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Magic mushrooms: Scientists reveal why fungi can help rescue the planet from climate crisis

© ShutterstockFungi are seen above ground but below form a network that feeds and links trees
Fungi are seen above ground but below form a network that feeds and links trees

Mushrooms and other fungi are a key weapon in the fight against climate change as they soak up carbon dioxide, provide a life support system for plants and can even replace polystyrene, according to scientists.

Trees cannot grow without fungi at their roots or in the soil, and they operate a nutrient exchange system so both can thrive. Fungi are even intelligent enough to know they get a better exchange rate for their services in soils that are low in nutrients.

Now scientists in Scotland are working to gain more understanding about fungi’s role in carbon sequestration amid hopes they could tackle climate change caused by human activity.

Among the vital roles played by fungi is devouring the 460 billion tonnes of dead organic matter deposited on the Earth’s land surface every year.

New techniques are also ­allowing experts to harness the power of fungi to create biofuels and ­biodegradable packaging in a bid to reduce the use of plastic and fossil fuels.

Neville Kilkenny, a research associate in mycology – the study of fungi – at the Royal Botanic Garden Edinburgh, said people in the UK have traditionally been wary of mushrooms but they have the potential to help save the planet.

He said: “I don’t think this is an excuse for us to continue behaving the way we’re behaving on the planet but I think fungi will offer us a lot of solutions to try to dig our way out of the hole we’ve dug ourselves.

“I think our fungi will offer many, many solutions for a lot of our problems. The most important thing to take on board is that none of what we have already would be here without the fungi.

“It’s lovely to see people’s ­ awareness as it slowly changes. Compared to mainland Europe, we’re generally a very myco-phobic nation. We tend to be very mistrustful of our fungi.

“We’ve moved on leaps and bounds as people realise these organisms are literally the saviours of our planet and will be the saviours of us as we dig ourselves ever-deeper into a hole with climate change.”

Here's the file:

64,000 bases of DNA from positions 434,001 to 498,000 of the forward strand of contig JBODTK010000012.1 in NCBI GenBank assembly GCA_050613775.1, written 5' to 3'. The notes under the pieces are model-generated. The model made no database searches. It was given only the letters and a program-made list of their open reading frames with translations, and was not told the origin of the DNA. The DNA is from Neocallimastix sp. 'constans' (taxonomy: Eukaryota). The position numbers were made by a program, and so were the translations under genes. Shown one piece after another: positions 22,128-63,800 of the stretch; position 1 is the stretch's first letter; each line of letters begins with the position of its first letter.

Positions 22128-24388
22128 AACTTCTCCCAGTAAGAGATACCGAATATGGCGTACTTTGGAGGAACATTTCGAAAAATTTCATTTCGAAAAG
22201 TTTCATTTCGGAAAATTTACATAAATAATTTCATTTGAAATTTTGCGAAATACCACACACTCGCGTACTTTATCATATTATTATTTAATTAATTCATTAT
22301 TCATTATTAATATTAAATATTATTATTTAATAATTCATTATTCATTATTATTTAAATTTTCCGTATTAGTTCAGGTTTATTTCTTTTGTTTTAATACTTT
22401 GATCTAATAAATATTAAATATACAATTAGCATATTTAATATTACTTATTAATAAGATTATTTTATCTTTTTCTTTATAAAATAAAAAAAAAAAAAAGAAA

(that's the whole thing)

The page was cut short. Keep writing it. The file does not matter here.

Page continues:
Neville Kilkenny

Fungi could have been on Earth for as long as a billion years, and no animals or plants would exist on land without them.

The world’s first reserve for fungi, as well as mosses, lichen and liverworts, is at the Cryptogamic Sanctuary in Dawyck Botanic Garden near Peebles in the Scottish Borders. Decades of research has been ­carried out at the site – home to more than 1,000 species of fungi – which this month featured on the BBC Alba show Gardens Of Scotland.

The role of fungi in creating new woodland and keeping trees and plants healthy is one of its most important modern-day contributions to fighting the changing climate.

Only a small number of plants in the brassica family, which includes cabbages and broccoli, do not need fungi to survive.

Two different types of fungi form mutually beneficial relationships with trees by keeping them supplied with food and moisture at their roots or in the soil beneath them.

Fungi create nutrient-rich soil by breaking down material like fallen leaves and dead wood.

They also form a “wood-wide-web” similar to a forest internet network, and the system allows trees to swap carbohydrates with other trees.

Up to 20% of the sugars that trees create by absorbing the greenhouse gas carbon dioxide along with sunlight and water are allocated for ­feeding their fungi partners. Fungi can also get a better rate for their services in soil that has fewer nutrients.

Kilkenny added: “Fungi bring ­everything to the world. There’s about 460 billion tonnes of dead organic matter deposited on the Earth’s land surface every year. If it wasn’t for recycling fungi that break down dead organic matter we would be absolutely drowning in the stuff.

“Also, our soil, our ecosystem, would be starving. But, luckily, we have all these species of fungi that recycle leaf litter and so on, and break down the dead wood and stuff, so all that nutrition is released back into the soil and therefore plants are able to thrive in those soils.

“But then there’s another group of fungi we call mycorrhizal which live on the roots of plants and exchange nutrients with the plants.

“Without that partnership, none of the plants growing in the soils could access enough nutrients or water to be able to thrive.

“You can’t say there’s a beech tree or there’s a pine, you have to say there’s a pine tree and a fungus because they don’t exist on their own. Not all, but nearly every single plant in the world requires a fungus growing on its roots to uptake enough nutrients.”